What many people may not understand, says de Bardelaben, is that it is both illegal and unethical to disclose anything that is discussed during a therapy session, regardless of the skin color of the counselor.
"People don't even have to know you're here, unless you want to tell them," he said.
A former linguist who speaks several languages, de Bardelaben says he has traveled all over the world and studied a wide range of cultures.
Other counselors at the center share this open-minded multicultural background.
Bounsang Khamkeo, a counselor from Laos, has mainly patients from East and Southeast Asian countries. Khamkeo, who speaks about six different languages, says his patients, who range from first to fourth generation immigrants, pose unique cultural challenges. Alcohol abuse and gambling are the main problems of his community and the same stigmas about seeking counseling help remain. Even court-mandated counseling is sometimes ignored.
"They don't want to display their feelings in public or to a stranger," he said.
Glen Maynard, the center's director, de Bardelaben and Khamkeo all believe that word of mouth will play a huge role in helping people discover the benefits of culturally relevant counseling.
Maynard says they are reaching out to many community organizations and they plan to partner with African American churches in the area with the help of the Rev. W.G. Hardy, chair of the African American Health Commission.
Currently, the mental health services provided through the county are in peril. Cascadia, the county's contracted provider, is struggling financially and county officials announced earlier this month they would be transferring services to other agencies.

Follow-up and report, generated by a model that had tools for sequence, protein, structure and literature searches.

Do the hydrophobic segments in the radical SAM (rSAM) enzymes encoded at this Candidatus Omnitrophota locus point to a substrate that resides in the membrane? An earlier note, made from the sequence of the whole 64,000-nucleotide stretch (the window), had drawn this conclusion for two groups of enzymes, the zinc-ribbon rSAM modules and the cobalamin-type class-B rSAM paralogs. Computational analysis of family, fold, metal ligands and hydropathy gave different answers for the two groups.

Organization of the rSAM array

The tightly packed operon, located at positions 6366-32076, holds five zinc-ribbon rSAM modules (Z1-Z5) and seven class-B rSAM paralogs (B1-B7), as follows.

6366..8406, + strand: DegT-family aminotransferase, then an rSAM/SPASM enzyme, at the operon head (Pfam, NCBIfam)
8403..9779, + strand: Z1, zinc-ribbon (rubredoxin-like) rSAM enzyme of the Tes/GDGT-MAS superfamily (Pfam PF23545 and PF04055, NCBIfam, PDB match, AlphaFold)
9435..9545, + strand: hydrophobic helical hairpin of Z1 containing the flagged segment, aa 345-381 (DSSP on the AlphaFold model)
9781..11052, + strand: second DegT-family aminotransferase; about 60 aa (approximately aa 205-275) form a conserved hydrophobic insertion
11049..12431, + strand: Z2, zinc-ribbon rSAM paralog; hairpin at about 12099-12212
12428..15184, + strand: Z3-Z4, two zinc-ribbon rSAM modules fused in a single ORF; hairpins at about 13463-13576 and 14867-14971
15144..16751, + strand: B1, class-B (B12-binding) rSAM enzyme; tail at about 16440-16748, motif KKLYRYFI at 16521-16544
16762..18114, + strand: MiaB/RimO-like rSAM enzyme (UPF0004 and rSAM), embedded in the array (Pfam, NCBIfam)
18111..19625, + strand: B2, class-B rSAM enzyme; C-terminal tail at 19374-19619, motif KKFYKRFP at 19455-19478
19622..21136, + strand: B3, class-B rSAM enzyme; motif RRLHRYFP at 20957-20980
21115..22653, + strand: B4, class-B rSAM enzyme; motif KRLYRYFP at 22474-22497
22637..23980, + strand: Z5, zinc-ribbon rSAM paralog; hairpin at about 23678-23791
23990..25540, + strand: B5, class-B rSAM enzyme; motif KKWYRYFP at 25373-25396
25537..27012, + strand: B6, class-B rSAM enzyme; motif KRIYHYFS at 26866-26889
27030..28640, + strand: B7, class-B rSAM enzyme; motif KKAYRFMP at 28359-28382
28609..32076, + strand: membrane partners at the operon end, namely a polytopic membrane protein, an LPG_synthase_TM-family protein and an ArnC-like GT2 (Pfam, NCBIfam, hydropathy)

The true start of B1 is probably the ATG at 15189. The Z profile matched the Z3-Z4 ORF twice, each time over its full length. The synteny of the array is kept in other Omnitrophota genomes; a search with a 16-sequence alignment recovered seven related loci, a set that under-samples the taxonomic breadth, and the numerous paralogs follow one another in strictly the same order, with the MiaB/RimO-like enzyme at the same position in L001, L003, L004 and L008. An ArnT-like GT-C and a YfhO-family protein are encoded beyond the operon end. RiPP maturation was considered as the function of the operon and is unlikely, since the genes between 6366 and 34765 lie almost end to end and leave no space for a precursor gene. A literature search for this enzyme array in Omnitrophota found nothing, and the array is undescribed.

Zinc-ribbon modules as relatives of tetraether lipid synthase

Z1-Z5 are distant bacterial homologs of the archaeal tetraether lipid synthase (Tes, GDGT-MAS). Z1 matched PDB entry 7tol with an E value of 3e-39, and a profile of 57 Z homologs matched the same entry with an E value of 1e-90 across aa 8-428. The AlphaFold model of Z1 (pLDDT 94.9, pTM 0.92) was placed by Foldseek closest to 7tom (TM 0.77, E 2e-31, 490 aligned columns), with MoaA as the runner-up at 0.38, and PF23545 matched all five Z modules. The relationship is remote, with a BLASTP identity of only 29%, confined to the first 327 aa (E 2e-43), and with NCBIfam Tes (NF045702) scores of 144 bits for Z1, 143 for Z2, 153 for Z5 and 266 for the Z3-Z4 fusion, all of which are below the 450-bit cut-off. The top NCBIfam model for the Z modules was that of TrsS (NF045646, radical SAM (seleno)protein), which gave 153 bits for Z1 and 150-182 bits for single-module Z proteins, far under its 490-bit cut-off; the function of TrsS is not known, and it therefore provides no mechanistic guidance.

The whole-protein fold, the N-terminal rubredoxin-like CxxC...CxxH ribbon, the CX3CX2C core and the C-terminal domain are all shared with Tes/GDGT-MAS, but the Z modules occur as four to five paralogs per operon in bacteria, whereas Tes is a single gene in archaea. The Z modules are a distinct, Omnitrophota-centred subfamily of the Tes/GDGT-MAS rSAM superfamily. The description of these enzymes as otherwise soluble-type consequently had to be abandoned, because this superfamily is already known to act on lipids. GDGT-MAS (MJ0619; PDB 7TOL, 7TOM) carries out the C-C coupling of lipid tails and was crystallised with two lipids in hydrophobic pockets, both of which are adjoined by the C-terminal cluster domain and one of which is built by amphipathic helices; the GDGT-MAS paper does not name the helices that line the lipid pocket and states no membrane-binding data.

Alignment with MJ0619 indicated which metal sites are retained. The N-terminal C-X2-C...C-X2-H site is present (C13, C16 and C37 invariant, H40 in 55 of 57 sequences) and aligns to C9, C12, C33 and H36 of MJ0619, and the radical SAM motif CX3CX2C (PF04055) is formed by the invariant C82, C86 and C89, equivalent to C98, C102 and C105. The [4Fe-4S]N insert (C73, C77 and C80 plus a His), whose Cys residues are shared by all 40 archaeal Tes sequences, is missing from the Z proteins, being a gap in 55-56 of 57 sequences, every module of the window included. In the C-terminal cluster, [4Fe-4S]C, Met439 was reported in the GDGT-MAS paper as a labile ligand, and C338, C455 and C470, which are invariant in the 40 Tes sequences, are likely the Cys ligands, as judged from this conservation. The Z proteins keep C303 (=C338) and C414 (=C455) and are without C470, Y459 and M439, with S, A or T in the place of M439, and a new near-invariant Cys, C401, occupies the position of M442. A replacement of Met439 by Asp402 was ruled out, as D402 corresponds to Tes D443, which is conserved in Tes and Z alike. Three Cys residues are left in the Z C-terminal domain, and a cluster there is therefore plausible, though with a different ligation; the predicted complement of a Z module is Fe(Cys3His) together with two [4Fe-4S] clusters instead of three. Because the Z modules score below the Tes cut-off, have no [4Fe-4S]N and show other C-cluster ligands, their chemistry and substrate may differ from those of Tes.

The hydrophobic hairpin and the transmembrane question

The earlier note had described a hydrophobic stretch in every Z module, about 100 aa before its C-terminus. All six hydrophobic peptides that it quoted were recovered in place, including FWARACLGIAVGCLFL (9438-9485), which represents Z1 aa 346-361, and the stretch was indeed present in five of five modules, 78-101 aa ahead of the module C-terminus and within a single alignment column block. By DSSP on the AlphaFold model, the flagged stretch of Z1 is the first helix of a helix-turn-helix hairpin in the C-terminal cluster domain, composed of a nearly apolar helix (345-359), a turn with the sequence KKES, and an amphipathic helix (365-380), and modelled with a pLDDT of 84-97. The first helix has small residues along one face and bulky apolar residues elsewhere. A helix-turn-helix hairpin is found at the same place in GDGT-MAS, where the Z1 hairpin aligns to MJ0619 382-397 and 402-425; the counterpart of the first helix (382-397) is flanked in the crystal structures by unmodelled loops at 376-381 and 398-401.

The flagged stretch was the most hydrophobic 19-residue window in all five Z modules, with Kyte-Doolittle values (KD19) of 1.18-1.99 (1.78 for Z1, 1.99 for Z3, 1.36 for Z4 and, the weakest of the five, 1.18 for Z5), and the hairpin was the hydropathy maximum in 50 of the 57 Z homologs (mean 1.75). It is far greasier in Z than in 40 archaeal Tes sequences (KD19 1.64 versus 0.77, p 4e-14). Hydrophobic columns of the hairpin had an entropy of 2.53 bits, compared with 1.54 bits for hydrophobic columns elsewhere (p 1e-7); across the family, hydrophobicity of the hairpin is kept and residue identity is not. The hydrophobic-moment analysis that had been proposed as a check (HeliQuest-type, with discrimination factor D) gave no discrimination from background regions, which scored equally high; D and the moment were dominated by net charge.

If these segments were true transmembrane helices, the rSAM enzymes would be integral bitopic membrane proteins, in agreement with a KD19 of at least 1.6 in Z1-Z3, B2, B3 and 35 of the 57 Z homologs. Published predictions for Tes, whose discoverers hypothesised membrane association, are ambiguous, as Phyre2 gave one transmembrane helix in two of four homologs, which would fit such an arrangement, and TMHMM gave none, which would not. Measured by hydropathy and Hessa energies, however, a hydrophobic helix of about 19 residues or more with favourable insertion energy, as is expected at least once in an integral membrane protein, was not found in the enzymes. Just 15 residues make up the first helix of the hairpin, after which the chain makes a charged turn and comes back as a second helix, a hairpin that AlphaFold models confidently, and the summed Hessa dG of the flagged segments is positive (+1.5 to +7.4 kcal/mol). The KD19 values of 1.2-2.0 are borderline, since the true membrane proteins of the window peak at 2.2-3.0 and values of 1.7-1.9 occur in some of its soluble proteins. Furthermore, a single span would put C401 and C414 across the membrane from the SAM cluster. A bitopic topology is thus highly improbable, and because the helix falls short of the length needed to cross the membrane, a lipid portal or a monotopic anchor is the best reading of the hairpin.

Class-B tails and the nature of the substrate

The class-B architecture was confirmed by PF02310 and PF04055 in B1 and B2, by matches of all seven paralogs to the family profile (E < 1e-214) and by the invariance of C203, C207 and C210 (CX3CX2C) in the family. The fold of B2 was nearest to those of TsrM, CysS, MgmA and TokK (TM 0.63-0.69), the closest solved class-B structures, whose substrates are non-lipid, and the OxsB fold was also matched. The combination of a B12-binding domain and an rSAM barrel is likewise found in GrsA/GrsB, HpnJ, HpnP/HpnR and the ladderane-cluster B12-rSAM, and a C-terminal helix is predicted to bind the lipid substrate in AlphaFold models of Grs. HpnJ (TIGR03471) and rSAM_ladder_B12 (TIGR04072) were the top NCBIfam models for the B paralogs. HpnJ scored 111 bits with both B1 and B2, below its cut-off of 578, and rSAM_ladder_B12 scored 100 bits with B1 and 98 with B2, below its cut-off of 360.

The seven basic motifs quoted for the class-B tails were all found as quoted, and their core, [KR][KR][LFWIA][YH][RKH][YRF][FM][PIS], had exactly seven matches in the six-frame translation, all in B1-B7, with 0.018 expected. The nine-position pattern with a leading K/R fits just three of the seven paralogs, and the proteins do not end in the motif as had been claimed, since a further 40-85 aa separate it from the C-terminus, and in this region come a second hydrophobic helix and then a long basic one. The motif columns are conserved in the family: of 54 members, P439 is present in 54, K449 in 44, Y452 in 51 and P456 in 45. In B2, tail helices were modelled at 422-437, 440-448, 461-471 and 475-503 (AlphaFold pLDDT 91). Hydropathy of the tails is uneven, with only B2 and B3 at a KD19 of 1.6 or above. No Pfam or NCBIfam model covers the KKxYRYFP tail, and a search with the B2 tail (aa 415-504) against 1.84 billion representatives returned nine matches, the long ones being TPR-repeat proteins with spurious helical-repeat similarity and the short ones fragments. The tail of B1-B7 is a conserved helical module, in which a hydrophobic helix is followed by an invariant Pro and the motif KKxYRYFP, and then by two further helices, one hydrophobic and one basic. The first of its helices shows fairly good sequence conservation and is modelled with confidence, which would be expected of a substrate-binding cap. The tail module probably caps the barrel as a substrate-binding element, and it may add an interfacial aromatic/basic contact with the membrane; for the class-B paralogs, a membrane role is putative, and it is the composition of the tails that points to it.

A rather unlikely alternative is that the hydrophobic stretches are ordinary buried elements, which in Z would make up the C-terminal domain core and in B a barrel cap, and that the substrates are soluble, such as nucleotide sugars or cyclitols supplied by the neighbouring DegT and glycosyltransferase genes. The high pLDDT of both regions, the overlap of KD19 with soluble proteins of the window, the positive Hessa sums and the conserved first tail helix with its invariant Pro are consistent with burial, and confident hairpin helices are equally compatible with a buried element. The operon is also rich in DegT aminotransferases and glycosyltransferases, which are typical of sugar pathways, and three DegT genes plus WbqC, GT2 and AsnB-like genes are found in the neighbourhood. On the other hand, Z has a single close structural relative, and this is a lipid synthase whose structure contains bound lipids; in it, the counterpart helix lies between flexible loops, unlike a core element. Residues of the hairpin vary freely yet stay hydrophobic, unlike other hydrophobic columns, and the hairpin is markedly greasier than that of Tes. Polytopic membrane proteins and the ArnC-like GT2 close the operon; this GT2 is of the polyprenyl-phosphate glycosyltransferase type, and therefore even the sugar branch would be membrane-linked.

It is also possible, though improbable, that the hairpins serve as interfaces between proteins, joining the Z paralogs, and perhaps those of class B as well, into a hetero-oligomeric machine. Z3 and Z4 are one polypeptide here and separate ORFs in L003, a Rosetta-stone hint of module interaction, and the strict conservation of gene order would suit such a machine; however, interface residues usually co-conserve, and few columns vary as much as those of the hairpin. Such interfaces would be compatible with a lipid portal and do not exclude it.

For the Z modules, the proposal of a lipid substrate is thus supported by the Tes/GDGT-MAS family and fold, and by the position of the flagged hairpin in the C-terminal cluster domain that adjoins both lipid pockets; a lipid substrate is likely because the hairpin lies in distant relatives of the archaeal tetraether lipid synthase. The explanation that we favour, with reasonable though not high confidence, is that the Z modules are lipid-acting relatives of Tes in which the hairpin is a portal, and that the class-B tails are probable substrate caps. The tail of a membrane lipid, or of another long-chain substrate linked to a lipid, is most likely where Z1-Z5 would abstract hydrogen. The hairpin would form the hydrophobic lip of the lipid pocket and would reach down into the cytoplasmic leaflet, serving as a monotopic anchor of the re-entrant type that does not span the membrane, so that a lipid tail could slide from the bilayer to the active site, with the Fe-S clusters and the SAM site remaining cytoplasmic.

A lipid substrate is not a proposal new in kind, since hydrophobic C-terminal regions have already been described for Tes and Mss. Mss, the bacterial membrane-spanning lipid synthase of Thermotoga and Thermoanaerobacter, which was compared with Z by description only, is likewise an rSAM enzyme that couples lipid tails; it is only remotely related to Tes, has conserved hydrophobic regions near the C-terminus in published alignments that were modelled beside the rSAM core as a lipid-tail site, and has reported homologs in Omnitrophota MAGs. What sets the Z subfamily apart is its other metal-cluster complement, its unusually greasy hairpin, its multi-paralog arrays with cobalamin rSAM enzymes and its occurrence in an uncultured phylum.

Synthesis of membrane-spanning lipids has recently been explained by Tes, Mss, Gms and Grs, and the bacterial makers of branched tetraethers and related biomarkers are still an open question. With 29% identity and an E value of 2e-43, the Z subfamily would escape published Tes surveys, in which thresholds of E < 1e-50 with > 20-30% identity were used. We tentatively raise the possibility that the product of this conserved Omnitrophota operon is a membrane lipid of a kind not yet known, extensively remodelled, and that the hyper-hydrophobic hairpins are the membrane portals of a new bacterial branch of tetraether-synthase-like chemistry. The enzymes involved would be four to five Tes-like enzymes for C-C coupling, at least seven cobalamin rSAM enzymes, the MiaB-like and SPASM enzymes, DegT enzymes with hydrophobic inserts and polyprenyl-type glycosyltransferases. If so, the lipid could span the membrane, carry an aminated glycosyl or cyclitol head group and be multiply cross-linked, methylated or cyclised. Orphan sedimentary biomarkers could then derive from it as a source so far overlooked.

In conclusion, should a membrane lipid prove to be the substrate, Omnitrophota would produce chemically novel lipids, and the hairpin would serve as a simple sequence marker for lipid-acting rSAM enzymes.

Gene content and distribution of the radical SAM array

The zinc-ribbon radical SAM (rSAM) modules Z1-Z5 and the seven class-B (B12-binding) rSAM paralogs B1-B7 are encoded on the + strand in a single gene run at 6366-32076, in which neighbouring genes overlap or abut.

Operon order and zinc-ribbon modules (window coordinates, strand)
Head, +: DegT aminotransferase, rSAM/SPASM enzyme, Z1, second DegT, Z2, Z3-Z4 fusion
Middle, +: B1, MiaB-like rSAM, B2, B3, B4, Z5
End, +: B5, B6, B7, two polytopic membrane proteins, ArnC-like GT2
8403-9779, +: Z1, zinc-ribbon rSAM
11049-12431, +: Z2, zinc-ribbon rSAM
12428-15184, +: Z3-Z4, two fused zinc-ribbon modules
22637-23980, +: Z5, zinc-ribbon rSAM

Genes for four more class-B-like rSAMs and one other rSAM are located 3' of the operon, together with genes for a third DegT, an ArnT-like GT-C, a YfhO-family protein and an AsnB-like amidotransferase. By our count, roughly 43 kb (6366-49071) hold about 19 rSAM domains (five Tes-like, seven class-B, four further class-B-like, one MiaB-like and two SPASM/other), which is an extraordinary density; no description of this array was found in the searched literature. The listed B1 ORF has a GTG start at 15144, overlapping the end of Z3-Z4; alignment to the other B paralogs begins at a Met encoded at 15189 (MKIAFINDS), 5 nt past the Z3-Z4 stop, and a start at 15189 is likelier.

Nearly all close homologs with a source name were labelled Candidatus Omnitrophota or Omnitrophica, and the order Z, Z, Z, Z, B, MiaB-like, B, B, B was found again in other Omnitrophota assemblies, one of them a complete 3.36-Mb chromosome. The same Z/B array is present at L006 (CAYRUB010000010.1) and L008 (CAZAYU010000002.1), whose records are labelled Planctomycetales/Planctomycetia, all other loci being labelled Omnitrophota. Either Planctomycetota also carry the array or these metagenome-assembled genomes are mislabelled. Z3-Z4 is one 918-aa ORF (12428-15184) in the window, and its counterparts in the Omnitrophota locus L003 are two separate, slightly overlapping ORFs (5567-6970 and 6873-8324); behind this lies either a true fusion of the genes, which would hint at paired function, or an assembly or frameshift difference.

Glen Maynard, the Center for Healing's director, said it was too soon to tell if the Center for Healing would take on patients from Cascadia. The Center for Healing receives money from the county, and Maynard says they were careful not to duplicate services already provided through Cascadia.
Although the county had initially planned to close the Garlington Center, a mental health center that serves a large number of minority patients, community members protesting en masse at a community meeting on June 30 seemed to change the minds of the decisionmakers. Sen. Gordly was present at the meeting to advocate for the Garlington Center's continued operation
Sen. Gordly says the future of the county's mental health services are "evolving by the hour." Some of that conversation includes what services the Center for Healing could offer to former Cascadia patients, but she said it's important that relationships between patients and counselors at the Garlington Center continue intact.
"As I listen to clients talk, people need to feel hope," she told The Skanner. "They're fighting for themselves, but people need to know we're fighting for them as well."
You can contact the Avel Gordly Center for Healing at 503-494-4745. Their offices are located at 621 SW Alder St., Suite 520. Services are by appointment only.